``````var underImage;
var x = [];
var y = [];
var dx = [];//movement
var dy = [];//movement
var col = [];//color
var d = [];//diameter
var movement = .5;//speed of particles
var particles = 3000;//number of particles
var diameterS = 1;
var diameterL = 10;

var url = "http://i.imgur.com/S9K9aFe.jpg";
}

function setup() {
createCanvas(400, 600);
background(250);
frameRate(30);
noStroke();

for (i = 0; i < particles; i++) { // for creating 2000 elements
x[i] = random(width);
y[i] = random(height);
dx[i] = random(-movement, movement);
dy[i] = random(-movement, movement);
d[i] = random(diameterS, diameterL);
col[i] = underImage.get(x[i], y[i]);//pulls color from coordinate
}
}

function draw() {
for (i = 0; i < particles; i++) {  // for drawing 2000 elements
fill(col[i]);
ellipse(x[i], y[i], d[i], d[i]);
x[i] += dx[i]//builds movement
y[i] += dy[i]//builds movement
if (x[i] > width) x[i] = 0;        // wrap horizontally
else if (x[i] < 0) x[i] = width;
if (y[i] > height) y[i] = 0;       // wrap vertically
else if (y[i] < 0) y[i] = height;
}
}
``````

## Kyle Lee Looking Outward 09

For this week, I looked at Yugyeoung Lee’s post from week 2. The project that Lee discussed is an experimental architectural prototype from the designer firm Softkill. Using bone structures as a basis for infrastructure, computer algorithms build a sound structure, that is then printed in material and cost effective plastics. A advanced algorithm coupled with a sophisticated laser technology makes this project possible.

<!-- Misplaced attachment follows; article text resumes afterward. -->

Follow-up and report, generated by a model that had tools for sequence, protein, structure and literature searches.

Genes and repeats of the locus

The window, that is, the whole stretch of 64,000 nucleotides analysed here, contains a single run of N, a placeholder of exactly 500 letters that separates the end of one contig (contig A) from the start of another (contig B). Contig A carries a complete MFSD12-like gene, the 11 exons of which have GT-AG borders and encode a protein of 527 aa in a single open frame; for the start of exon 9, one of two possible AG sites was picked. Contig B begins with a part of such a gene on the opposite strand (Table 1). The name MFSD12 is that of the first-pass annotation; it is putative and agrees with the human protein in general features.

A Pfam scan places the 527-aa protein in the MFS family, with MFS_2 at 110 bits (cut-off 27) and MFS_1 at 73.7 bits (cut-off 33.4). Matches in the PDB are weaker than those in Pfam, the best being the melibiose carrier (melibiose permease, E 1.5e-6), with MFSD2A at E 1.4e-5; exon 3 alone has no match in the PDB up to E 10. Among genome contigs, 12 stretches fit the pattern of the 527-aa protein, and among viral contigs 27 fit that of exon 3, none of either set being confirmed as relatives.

I agree with Lee in saying that this kind of conceptual experimentation reveals much about how architecture can move towards a more cost and material efficient future. The additional features of no adhesives and lightweight fibers further shows promising signs for this technique and technology. I think this project certainly serves itself well as a concept project, but I do think there are several considerations that were not addressed in the article. While it was uplifting to see that these fibers were bioplastics, it certainly does not mean this architecture is completely sustainable. Although some of the bases for the fibers would be from renewable materials, the amount of energy needed to transform that material into structurally sound plastic might outweigh its own benefit. This is my guess as to why more projects using this bioplastic material technology have not come about in the three years since Softkill’s project; the process to use this seemingly green material consumes too much money and energy to be sustainable.